NATO leaders have devised a plan to bolster alliance forces in parts of Afghanistan where the threat of combat is high. VOA's Paula Wolfson reports it was one of the first signs of consensus to emerge from the NATO summit in Bucharest, Romania.

The plan to send extra troops to Afghanistan focuses on the troubled south of the country.

France says it will send an extra battalion - roughly 700 to 800 troops - to eastern Afghanistan to free American Marines who will be redeployed along with Canadian forces in the south.

NATO Spokesman James Appathurai predicts more NATO members will step up their commitments of troops, military training, and aid during the summit. He says at a working dinner opening the Bucharest summit, leaders of the 26 NATO countries showed they are unified on Afghanistan.

"...a clear unity within the alliance that this is a mission that must succeed, that will succeed," said James Appathurai.

But Appathurai makes clear there is likely to be no meeting of the minds at the summit on Ukraine and Georgia's request for a NATO Membership Action Plan - or MAP. It is a move that is vehemently opposed by Russia, and NATO members France and Germany have expressed reservations.

"I would be happy to be wrong, but I do not expect MAP for Georgia and Ukraine," he said.

Apparthurai indicates, however, there will not be outright rejection and the request will, in essence, be put on hold.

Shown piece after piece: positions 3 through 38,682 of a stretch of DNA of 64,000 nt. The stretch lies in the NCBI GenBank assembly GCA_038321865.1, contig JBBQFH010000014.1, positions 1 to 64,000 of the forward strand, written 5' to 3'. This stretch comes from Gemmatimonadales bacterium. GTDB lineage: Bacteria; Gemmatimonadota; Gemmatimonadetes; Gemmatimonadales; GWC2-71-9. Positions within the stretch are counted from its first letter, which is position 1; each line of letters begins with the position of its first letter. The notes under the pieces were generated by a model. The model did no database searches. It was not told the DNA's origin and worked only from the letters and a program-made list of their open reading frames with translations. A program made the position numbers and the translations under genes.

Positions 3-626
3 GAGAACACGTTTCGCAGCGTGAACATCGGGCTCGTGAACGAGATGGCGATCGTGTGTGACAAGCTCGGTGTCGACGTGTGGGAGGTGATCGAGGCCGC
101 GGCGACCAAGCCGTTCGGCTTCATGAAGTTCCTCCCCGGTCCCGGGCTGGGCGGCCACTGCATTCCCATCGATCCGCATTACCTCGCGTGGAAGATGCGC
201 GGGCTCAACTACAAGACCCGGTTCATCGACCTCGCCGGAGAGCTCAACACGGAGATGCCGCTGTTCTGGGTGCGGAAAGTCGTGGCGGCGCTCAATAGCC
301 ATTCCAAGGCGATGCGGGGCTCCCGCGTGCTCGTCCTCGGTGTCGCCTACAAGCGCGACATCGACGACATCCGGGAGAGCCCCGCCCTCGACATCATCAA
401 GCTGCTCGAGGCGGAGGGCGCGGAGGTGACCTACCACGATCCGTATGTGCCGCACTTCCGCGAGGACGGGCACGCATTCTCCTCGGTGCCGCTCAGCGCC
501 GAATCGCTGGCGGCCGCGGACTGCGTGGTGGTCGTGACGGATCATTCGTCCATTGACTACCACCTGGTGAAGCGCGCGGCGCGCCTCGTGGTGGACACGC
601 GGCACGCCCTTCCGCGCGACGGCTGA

"The general sense was that Membership Action Plan for Georgia and Ukraine is a matter not of whether, but of when," said Appathurai.

The NATO spokesman says at the dinner, leaders expressed general support for all three of the countries that are scheduled to receive an invitation to join the trans-Atlantic alliance. He says Albania, Croatia and Macedonia have all shown they are ready to become full members of NATO. But he predicts action on Macedonia will be delayed because of a long-standing dispute with Greece over its name.

For the Bush administration the early results of the summit are mixed. President Bush has urged the alliance to put Georgia and Ukraine on the path to membership, while calling on NATO members to increase support for Afghanistan.

One other issue of major importance to the White House is the U.S. plan to put a missile defense system in Europe. NATO is likely to issue some sort of statement of support during the summit - a move that is not likely to sit well with Russian President Vladimir Putin who considers the plan a security threat.

Mr. Putin will join the NATO leaders on Friday for a meeting of the NATO-Russia Council. On Sunday, President Bush will meet with the Russian leader at his vacation home in the Russian resort town of Sochi. Russian president-elect Dmitry Medvedev will also attend the talks.